This is an interdisciplinary programme that draws on skills and expertise from across the spectrum of science, engineering and medicine at Birmingham. It is based in the Centre for Doctoral Training, set up through an EPSRC award to train high quality engineering and physical science graduate students in a multidisciplinary environment
Applicants must have a 2:1 (Hons) degree in a related subject (Chemistry, Physics, Materials Science, Natural Sciences, Computer Science, Engineering or Mathematics).
Please be aware that entry to our programmes is highly competitive: consequently we also consider the skills, attributes, motivation and potential for success of an individual when deciding to make an offer.
We accept a range of qualifications from different countries
In the first year students follow a training programme that provides the necessary theoretical foundations, laboratory and practical skills for cross-disciplinary research at the Biomedical Interface. Six tailor-made taught modules and two mini-projects are combined with training in communication skills, public understanding of science and knowledge transfer. This training is an integral part of the PhD programme and is key preparation for the PhD thesis project. Students additionally receive an MSc for the year 1 studies.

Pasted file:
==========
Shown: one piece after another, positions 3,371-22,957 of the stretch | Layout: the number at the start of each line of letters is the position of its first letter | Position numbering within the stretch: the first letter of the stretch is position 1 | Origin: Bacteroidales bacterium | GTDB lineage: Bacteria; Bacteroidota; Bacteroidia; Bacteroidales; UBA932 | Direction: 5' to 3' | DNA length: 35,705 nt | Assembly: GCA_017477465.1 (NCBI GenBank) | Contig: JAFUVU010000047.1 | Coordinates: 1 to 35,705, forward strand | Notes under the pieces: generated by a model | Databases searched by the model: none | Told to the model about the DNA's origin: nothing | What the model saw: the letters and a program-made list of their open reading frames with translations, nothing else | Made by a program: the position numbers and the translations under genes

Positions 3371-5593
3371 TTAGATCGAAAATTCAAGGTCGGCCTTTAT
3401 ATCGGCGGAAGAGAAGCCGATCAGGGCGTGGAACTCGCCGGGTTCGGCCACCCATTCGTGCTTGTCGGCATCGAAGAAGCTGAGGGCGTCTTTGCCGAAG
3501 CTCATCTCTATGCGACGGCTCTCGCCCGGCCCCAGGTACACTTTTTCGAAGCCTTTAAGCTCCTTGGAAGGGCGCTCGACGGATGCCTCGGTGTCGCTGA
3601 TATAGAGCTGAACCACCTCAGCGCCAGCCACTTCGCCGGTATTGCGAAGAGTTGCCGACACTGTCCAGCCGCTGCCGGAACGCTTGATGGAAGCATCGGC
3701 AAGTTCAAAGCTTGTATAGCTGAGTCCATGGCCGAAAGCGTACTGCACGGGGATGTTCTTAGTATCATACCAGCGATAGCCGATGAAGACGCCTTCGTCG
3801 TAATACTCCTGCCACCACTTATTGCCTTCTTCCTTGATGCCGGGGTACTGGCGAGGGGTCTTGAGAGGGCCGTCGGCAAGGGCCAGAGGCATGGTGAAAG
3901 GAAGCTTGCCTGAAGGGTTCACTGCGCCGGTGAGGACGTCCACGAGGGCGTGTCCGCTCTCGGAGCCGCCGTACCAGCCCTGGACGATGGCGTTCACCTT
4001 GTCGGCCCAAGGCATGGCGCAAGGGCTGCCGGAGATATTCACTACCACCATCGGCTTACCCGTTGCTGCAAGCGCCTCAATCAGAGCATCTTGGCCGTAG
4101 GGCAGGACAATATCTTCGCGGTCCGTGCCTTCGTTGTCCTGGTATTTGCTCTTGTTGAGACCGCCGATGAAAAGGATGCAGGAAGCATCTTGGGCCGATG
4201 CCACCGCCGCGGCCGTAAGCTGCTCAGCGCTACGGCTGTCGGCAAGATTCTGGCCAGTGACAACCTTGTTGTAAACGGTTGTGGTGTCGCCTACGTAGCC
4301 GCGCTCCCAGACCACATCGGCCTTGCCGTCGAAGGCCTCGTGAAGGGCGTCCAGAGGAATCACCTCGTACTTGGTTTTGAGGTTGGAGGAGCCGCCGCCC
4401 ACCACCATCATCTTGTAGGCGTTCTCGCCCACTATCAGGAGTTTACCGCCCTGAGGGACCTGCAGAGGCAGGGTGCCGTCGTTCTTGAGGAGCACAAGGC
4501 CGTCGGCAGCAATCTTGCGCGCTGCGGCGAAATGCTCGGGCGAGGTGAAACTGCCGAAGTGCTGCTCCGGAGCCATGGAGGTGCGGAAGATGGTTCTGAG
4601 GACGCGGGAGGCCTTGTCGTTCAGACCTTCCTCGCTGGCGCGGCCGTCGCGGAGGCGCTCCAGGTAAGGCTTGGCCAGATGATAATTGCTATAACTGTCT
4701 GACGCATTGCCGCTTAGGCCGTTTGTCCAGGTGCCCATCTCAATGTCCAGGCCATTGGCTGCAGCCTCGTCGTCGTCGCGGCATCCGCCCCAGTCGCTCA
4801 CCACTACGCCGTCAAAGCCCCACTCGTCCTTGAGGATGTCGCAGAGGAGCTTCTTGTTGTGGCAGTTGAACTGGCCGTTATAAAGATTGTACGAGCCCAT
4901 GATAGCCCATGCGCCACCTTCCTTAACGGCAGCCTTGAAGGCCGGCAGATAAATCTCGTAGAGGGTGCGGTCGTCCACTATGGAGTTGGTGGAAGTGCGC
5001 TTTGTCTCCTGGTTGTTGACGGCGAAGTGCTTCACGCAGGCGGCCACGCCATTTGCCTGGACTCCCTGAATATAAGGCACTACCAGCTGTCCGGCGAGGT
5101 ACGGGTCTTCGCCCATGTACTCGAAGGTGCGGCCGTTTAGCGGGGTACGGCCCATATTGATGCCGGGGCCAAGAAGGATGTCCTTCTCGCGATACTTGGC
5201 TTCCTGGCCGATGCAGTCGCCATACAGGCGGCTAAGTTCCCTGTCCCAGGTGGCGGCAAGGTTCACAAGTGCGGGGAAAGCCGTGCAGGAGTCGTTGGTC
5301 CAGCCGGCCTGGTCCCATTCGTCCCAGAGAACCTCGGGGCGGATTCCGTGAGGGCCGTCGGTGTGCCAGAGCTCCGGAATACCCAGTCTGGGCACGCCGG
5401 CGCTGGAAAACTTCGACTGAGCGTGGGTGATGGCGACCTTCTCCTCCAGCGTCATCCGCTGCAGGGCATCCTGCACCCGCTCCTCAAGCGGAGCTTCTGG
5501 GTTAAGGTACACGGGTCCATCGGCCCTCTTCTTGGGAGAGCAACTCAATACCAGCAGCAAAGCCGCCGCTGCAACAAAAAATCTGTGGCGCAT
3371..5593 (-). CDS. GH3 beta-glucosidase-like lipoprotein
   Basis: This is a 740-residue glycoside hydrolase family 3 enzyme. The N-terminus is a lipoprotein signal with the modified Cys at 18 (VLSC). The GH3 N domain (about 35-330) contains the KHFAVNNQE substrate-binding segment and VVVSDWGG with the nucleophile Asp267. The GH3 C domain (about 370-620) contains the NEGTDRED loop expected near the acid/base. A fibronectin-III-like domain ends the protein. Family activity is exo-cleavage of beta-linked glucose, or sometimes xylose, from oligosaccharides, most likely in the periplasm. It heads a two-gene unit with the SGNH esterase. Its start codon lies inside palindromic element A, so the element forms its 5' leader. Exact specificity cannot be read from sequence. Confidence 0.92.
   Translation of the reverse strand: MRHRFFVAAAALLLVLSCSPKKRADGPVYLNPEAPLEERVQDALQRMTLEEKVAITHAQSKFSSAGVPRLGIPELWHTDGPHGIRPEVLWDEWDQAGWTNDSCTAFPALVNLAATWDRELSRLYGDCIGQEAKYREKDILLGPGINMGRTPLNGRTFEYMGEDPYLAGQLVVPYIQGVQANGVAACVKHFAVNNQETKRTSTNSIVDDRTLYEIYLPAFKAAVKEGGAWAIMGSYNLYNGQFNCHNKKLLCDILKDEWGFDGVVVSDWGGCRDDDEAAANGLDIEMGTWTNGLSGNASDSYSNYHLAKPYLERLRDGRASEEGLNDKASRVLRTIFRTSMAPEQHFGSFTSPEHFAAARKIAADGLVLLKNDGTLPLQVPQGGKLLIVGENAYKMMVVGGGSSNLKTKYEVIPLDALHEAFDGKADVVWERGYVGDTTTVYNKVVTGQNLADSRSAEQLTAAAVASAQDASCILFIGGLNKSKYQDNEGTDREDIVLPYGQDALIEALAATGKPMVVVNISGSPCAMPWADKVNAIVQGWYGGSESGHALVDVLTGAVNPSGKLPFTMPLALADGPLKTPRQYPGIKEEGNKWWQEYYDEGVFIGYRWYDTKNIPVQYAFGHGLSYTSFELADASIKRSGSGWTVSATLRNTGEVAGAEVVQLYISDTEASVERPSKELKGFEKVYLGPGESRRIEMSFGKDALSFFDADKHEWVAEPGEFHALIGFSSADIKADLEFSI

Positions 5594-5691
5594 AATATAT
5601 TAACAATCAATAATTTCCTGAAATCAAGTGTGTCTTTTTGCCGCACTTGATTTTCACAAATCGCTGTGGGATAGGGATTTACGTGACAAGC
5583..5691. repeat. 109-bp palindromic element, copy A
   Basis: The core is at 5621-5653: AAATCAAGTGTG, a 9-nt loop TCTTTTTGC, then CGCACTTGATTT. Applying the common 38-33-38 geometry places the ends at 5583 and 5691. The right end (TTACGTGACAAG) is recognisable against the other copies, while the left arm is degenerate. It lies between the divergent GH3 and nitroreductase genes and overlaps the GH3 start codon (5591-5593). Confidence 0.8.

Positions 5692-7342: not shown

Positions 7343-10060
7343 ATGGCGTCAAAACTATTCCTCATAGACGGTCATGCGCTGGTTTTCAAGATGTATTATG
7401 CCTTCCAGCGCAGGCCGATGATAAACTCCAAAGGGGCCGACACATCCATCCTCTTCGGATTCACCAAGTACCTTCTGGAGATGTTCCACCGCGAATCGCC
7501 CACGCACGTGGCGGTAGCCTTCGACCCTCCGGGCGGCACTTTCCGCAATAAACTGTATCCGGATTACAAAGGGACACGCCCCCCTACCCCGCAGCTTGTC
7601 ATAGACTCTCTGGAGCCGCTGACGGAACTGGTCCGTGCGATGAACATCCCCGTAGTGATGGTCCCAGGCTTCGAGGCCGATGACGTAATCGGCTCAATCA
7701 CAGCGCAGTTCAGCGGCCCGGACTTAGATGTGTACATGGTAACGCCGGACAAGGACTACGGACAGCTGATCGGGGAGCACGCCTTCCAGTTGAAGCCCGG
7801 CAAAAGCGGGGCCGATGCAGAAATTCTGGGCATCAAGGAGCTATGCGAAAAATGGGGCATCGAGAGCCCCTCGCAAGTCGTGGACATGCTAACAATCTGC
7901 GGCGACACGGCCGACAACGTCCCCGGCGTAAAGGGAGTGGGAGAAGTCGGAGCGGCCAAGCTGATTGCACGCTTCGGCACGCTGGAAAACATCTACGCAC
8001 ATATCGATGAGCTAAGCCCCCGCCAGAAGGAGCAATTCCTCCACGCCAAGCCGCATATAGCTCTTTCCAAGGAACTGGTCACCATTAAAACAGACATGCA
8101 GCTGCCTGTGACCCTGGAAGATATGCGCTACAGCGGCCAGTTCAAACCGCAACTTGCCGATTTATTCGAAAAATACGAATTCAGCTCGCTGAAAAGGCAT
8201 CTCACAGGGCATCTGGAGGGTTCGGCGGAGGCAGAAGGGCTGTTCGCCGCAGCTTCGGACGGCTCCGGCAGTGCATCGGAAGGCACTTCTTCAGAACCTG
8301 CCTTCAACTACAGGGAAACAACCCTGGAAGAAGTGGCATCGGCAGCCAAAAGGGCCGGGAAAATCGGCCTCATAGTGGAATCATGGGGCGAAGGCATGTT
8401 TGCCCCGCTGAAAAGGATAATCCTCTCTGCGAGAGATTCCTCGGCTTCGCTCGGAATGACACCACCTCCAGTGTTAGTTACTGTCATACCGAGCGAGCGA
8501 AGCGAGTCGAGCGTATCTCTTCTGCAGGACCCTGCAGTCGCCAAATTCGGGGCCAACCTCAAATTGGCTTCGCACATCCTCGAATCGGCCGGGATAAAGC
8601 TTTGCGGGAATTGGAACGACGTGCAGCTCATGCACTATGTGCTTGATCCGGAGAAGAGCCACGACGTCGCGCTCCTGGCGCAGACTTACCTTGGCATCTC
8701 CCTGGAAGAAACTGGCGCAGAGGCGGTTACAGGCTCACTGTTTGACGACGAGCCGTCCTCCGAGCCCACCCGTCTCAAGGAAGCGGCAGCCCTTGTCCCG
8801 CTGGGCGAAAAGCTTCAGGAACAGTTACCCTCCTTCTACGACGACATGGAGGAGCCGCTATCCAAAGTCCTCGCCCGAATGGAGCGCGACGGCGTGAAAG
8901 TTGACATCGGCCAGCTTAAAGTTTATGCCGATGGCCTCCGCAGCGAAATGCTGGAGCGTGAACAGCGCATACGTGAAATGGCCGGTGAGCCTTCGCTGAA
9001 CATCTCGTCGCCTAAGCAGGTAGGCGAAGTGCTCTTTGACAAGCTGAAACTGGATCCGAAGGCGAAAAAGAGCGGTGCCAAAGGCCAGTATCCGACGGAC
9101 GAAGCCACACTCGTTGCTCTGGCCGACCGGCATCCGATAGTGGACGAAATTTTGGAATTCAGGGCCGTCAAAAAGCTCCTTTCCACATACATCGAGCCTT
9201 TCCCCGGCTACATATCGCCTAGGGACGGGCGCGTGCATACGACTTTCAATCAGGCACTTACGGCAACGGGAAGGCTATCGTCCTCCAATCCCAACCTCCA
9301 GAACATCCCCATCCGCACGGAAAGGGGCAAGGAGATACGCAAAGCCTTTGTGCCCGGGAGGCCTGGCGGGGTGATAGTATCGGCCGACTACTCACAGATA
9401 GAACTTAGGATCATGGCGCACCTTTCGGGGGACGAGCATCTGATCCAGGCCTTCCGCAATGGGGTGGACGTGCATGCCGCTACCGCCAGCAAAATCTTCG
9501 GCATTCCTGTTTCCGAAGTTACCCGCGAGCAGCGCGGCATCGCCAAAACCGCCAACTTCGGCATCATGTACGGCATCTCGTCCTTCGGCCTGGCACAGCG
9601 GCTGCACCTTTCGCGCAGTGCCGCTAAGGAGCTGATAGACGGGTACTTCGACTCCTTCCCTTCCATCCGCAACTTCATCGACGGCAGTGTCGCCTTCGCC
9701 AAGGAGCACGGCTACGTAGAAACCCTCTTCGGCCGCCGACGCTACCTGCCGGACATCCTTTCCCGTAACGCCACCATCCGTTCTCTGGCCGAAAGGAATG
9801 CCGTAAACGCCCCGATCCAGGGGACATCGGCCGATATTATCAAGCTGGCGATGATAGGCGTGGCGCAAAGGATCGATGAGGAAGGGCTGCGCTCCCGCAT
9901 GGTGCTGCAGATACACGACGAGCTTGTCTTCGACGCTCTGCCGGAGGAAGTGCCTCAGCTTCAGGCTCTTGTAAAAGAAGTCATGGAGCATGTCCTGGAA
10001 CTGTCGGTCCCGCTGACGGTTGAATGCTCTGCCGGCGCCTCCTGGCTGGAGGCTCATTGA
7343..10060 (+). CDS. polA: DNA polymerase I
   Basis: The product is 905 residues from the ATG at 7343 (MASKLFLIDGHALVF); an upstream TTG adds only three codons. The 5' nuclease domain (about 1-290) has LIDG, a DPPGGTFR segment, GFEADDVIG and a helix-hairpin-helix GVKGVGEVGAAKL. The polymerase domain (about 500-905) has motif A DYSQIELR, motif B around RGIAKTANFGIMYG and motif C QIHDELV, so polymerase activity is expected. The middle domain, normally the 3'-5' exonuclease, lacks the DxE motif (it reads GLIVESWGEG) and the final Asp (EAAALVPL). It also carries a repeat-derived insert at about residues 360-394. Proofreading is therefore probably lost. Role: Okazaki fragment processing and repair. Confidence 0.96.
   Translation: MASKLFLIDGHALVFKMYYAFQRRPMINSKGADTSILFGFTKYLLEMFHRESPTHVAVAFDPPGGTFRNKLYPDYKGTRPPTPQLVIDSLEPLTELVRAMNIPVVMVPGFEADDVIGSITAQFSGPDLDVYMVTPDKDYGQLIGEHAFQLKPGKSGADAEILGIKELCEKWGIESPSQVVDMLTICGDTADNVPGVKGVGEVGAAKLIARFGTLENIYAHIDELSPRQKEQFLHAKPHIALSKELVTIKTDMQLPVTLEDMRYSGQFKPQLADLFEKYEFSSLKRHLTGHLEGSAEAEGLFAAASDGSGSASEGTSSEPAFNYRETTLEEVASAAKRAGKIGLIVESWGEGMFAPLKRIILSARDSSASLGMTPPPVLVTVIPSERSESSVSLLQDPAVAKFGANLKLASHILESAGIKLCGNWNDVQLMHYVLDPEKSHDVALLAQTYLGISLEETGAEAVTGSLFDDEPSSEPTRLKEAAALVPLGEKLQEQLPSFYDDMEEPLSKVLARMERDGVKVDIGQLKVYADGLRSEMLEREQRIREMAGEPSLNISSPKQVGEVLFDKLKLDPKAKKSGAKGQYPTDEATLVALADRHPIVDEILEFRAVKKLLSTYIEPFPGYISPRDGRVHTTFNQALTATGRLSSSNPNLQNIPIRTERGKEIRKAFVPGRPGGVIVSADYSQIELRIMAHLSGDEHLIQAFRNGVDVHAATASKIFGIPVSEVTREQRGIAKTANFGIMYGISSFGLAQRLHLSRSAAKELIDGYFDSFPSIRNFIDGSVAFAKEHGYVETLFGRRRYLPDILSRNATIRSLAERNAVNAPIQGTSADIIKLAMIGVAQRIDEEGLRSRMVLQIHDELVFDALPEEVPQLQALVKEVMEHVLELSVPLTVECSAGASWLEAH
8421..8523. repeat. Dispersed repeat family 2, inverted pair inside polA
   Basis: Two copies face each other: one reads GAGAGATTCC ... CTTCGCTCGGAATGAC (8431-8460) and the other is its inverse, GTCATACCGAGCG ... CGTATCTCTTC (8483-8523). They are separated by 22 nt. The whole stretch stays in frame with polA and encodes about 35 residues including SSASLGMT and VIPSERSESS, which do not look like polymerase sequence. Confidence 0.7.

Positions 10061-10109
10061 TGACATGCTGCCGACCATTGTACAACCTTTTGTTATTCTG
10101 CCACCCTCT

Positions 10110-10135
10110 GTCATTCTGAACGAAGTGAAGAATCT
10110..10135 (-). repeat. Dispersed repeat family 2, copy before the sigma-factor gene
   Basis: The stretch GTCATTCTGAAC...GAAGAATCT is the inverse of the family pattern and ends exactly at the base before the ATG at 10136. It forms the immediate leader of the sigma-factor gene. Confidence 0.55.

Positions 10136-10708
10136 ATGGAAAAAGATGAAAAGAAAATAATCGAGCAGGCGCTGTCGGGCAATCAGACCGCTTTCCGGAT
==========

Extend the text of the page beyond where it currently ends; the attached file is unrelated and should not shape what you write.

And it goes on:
Second, third and fourth years; PhD thesis research project
On successful completion of year 1 the students engage in their individual PhD thesis research projects. Each project involves three elements: physical science and computer science applied to a biomedical challenge. Each project has three supervisors, a physical scientist, a computer scientist and a biomedic, one for each of the three areas. One supervisor is the lead supervisor. The CDT provides both study and pastoral support, through dedicated staff and the peer network. The research and team coherence, actively developed in year one through a variety of group activities, continue to be nurtured in the subsequent years through regular pairings, seminars and other Centre-wide activities.
The continuous advancement in the physical sciences and engineering is constantly enhancing the quality and complexity of imaging tools available to solve key biological challenges. Consequently, biological and biomedical scientists now have at their disposal a wide range of imaging devices at all levels of biological organisation, from molecules to the whole animal. Imaging has the capability to provide an enormous amount of information, hence recent moves to cell based assays in high throughput drug screening and the increasing use of in vivo imaging modalities in diagnostics.
In order to fully realise this potential and make new substantial and significant developments in the biomedical sciences, leading edge researchers must both understand the physical basis and current limitations of these technologies, and have a sound understanding of key biological questions to be addressed.
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